University: Prof who donned blackface violated policy

A University of Oregon law professor who donned blackface for a costume at a Halloween party violated the institution's anti-harassment policies, but any punishment she might receive would remain confidential, the university said Wednesday in a 29-page report.

The university found Nancy Shurtz's costume had a devastating impact on the law school, where it created an atmosphere of tension and hostility, The Register-Guard reported ( ).

The newspaper could not reach Shurtz for comment. She did not immediately return a phone message and email left by The Associated Press on Wednesday at her office.

Shurtz said in an apology after the incident that she wore a white coat, stethoscope and black face paint to portray Dr. Damon Tweedy, a black psychiatrist who wrote a best-selling memoir about his experiences with racism in medical school and in his profession.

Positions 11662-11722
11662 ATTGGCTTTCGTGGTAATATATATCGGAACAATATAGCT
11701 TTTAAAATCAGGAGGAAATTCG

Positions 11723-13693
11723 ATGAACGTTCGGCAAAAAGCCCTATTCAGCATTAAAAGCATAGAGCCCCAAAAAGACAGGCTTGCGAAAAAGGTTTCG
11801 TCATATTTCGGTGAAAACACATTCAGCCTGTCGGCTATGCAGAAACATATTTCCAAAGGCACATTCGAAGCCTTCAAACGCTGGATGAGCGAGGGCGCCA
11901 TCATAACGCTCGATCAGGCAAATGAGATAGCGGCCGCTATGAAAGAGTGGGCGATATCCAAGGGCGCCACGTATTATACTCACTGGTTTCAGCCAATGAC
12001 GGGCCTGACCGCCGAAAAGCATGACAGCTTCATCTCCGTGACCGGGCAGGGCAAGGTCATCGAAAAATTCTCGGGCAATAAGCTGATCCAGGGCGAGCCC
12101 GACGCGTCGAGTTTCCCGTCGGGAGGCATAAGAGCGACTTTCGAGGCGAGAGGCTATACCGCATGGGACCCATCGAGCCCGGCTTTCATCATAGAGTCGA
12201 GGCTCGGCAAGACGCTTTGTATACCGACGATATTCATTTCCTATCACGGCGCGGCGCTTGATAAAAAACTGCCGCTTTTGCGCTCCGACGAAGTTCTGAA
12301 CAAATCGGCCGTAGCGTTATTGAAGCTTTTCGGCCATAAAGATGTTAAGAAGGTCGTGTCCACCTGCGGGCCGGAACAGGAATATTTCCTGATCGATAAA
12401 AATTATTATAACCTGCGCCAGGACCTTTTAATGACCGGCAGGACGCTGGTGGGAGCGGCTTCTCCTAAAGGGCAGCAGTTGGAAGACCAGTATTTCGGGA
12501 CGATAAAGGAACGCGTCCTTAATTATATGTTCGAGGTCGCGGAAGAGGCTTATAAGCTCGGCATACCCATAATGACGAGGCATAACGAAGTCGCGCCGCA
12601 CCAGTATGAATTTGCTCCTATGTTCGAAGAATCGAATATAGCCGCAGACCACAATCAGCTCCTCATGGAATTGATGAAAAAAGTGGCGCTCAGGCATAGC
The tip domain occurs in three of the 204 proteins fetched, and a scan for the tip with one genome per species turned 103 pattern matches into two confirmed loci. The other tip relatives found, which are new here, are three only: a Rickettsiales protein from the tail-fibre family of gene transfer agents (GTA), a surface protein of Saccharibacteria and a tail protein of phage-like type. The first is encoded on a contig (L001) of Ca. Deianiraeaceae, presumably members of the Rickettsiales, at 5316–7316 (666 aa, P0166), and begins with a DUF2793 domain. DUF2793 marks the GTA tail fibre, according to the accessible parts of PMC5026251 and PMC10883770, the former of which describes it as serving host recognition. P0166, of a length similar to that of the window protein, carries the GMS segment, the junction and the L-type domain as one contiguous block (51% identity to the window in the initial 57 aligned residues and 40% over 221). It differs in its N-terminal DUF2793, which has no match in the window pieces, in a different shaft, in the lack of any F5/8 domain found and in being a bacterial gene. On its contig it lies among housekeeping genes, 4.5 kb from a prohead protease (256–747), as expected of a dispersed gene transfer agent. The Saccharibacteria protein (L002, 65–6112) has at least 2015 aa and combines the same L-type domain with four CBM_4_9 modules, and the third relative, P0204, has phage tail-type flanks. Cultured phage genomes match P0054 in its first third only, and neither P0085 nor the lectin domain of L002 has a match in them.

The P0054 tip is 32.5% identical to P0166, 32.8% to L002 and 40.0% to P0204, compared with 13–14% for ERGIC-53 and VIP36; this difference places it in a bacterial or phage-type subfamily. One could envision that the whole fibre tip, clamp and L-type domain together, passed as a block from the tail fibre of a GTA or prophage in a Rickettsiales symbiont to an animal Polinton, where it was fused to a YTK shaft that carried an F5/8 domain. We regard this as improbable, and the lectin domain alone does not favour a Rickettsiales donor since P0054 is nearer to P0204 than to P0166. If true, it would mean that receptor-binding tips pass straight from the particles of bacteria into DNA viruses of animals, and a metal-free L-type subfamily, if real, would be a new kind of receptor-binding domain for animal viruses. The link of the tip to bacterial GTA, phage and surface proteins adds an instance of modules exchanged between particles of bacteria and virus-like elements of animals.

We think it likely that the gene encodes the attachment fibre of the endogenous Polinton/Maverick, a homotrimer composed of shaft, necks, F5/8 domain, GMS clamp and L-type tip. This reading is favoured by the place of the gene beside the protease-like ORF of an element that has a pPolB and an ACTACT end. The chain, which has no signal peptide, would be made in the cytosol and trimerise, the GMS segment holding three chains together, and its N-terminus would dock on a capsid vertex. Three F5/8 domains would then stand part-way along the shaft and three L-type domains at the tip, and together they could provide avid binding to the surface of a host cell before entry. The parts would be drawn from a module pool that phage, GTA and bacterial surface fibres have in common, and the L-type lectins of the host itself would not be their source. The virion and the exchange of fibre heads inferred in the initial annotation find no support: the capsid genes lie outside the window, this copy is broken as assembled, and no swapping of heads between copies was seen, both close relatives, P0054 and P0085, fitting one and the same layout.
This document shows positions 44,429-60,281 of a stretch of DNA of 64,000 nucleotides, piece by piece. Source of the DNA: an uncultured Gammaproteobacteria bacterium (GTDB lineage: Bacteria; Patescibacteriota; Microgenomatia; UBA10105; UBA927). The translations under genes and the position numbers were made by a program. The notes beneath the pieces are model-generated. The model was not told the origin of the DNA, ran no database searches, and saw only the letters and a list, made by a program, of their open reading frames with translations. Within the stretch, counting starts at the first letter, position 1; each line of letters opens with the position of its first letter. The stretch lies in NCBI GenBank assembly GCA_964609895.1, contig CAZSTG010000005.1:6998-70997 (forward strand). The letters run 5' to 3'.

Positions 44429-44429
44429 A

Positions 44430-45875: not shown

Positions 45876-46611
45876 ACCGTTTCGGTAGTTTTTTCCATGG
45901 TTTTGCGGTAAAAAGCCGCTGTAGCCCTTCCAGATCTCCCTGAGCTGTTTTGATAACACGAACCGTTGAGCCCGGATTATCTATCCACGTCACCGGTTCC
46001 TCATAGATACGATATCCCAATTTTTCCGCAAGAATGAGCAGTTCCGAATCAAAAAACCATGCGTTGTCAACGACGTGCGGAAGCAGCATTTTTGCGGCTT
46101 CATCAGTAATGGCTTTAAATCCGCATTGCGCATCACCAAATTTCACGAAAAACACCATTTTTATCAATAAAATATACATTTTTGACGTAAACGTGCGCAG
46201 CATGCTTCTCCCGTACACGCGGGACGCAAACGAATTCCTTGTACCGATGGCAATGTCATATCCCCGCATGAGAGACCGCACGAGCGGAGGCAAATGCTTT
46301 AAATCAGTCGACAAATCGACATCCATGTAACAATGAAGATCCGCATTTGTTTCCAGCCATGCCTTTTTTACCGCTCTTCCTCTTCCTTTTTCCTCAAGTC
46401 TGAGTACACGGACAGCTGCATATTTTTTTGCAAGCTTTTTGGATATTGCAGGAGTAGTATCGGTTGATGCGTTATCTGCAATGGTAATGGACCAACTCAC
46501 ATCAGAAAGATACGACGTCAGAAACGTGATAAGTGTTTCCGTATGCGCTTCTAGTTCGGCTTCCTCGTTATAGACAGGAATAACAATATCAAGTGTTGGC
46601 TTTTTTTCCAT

The costume was meant to provoke discussion about racism in society and she had no ill intent, Shurtz has said.

The report agreed that Shurtz did not mean to cause distress but said the costume was nevertheless extremely damaging.

The reaction to Shurtz's costume, including debates on social media, has caused anxiety among minority students at the law school, the report found.

As a result, some are skipping classes or altering their study habits and a few are considering transfers because of "a mistrust toward professors and faculty beyond just Shurtz," investigators said.

"The open discussions in class have also resulted in racial hostility between the students," investigators wrote.

Thirteen students, three faculty members and two alumni were at the party at Shurtz's house, investigators wrote, but no one approached her about her costume during the party.

"One student said that the costume was so ludicrous and offensive that it was apparent that many of the guests were avoiding interaction with Shurtz," according to the report.

Guests were "looking down at the ground, unsure what to do," it said.

Along with sending an apology to two of her classes, Shurtz reached out to two minority students who were at the party to apologize, the university said.


A previous version of this story misspelled Shurtz's last name. The correct spelling is Shurtz.


Information from: The Register-Guard,